TDoV 2021

Hi,

On March 31st each year it’s the international Transgender Day of Visibility. Unlike the day of remembrance later in the year, today is a today to talk about the achievements of our community.

I think it is worth noting that to those of you on the transgender spectrum and allies as well, have a moment to reflect on your achievements. I don’t say this to butter you up with false praise, but that small acts of kindness and perhaps more than ever this year, being present is a form of activism. Equally, if you are helping someone else – be they trans, a friend of someone, or a would-be ally – you are doing excellent work. It all counts to keeping us visible.

By helping others achieve, in challenging bigotry, pushing for change, and being visible – online and otherwise – I believe you help raise our profile. I think it’s often too easy for someone to say that unless we’re out & proud, we’re not doing enough. However, it’s not always easy to be at the front. Some folk have commitments and other factors that stop them from being directly involved and I think that’s okay.

Meanwhile, in 2019

While that strong voice is needed, if you are visible and showing the community in a good light, you are helping. Be brave, be fabulous, and be kind. ♥️

L x

PS: the above photo was from a day out in a nearby city. I make no grand claims by being out – if I can, you certainly can – and when I’m in public, I try to be relaxed and kind, hopefully as a challenge to the false rhetoric of the danger trans people. We’re not a threat, we don’t recruit, and we just want to enjoy our lives with no need to hide away. Perhaps, just like the next person 🙂

6 Comments

  1. Time for some praise: I’m impressed you’re still blogging regularly. Good work, keep it up. Also top work on being an active member of Chams. Any time you feel imposter syndrome rearing it’s ugly head, remember how many people’s quality of life you improve by maintaining that <3

    We also get disadvantage on stealth rolls today 😉

    1. Gosh, uhh, thanks, Pandora. I wasn’t quite expecting that! Thank you for those beautifully kind words. ♥️ The blogging is just one post at a time and making notes when I’m lucky to have an idea. I still miss your blog.

      Chams is quite the team effort, a wonderful blend of folk coming together to keep the group ticking over. COVID19 may have knocked our ability to meet in the real world, but I think our luck is turning.

      What RPG system are we using for stealth checks this week? 😁 Just asking so I know what stat I need to buff or if I need to put +4 into my disguise skills. 😉

    1. /sighs 🙂 There is a view held by a minority of people, that trans folk are looking to gain access to female spaces to prey on women. There’s no evidence to back this up. Since the UK has had the Equality Act since 2010, this hasn’t happened and other European countries report a similar level of unsubstantiated claims.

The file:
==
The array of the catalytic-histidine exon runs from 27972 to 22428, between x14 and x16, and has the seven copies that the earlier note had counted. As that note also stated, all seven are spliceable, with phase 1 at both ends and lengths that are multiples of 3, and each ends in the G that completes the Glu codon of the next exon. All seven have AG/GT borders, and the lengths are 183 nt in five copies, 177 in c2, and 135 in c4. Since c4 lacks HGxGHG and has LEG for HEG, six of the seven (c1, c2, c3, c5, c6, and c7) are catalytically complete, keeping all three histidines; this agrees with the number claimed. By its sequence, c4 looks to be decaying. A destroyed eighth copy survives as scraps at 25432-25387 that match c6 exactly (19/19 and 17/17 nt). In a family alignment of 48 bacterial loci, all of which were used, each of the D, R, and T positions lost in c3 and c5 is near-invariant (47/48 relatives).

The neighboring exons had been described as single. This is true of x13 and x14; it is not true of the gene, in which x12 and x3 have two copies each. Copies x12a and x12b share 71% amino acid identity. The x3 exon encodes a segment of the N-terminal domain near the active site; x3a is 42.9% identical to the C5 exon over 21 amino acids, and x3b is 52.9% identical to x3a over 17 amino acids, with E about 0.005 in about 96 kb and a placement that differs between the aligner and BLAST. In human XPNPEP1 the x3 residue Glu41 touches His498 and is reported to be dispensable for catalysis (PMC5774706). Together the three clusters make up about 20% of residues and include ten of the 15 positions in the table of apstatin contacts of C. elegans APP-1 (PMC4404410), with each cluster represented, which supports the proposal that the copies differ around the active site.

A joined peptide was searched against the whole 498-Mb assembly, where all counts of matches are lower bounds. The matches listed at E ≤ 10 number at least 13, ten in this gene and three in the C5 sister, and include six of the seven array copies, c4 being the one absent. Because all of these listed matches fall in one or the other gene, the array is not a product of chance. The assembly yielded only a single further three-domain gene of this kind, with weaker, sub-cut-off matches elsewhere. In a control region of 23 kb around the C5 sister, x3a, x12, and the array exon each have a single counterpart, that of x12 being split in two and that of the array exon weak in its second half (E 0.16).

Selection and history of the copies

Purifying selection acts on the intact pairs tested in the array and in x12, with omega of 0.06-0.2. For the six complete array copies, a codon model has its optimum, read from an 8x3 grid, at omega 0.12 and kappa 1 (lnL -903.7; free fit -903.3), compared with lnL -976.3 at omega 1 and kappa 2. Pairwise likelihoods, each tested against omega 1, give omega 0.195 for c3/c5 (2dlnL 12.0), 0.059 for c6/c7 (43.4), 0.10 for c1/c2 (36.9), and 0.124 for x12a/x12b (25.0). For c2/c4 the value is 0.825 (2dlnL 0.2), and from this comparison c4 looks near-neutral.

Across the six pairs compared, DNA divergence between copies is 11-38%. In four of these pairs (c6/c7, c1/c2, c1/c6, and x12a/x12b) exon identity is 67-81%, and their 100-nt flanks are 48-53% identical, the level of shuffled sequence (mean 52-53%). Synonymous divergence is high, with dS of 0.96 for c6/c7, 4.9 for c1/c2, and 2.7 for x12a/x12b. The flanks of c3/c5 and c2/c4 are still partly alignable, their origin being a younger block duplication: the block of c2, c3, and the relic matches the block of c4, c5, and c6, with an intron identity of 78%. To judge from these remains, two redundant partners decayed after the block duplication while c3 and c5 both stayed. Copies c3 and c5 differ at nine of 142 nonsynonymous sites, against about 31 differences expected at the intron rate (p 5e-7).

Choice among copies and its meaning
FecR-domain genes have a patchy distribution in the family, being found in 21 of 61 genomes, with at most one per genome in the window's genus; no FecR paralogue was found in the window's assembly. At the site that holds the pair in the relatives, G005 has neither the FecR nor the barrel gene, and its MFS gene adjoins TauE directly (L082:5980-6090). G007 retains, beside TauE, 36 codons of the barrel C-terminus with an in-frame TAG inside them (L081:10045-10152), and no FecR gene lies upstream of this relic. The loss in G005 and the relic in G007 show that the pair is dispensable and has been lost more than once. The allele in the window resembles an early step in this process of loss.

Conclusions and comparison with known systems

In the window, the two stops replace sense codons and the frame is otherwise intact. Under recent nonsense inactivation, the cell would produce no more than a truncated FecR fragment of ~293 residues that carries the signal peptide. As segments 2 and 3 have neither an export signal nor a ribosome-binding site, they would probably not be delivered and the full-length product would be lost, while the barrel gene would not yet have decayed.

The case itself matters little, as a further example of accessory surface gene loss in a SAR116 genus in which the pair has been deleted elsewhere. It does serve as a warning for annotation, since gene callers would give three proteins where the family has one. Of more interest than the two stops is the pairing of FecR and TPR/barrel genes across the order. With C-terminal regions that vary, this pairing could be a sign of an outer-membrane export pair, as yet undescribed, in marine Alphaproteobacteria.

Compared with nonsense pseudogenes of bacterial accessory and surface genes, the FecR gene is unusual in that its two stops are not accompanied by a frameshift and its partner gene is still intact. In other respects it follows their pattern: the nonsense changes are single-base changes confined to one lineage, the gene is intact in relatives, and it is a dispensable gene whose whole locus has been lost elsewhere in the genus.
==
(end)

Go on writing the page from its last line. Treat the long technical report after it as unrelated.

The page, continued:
Listening to my wife, colleagues, friends, etc; women are under threat from predatory men and “everyday sexism”. Funny how the same folk who are concerned about access to toilets remain silent on that. 😔 IMO, it’s a false narrative that has more to do with instilling fear. If you look at the arguements presented, there’s an almost lockstep if you compare what was said about gay people in the 80s.

      I think Laverne Cox summed it well with: “We have to be able to ask ourselves, ‘Am I feeling uncomfortable or am I feeling unsafe? And is my uncomfortability going to impede on the rights of other people?”

      1. Thank you for taking the time and trouble to explain that, I honestly did not understand, I do now.

        I can see the argument from both sides, although I don’t know what the solution is.

        We should all have the right to use the toilet, go about our lives without the fear of harassment, being bullied, humiliated etc

        1. You’re very welcome. There are multiple view points to the situation, although the hostility is very much the minority – a very vocal minority that is being amplified within certain sectors of the media and politics.

          The dark side to this is that it perpetuates a narrow form of womanhood. Specifically women who prefer a butch, androgynous, or non-binary look. Then there’s the unpleasant “I don’t think she should come in because I think she looks like a man.” So, you can only use that loo if you’re the right type of woman?

          In this type of discrimination, many people lose including those who need to be protected.

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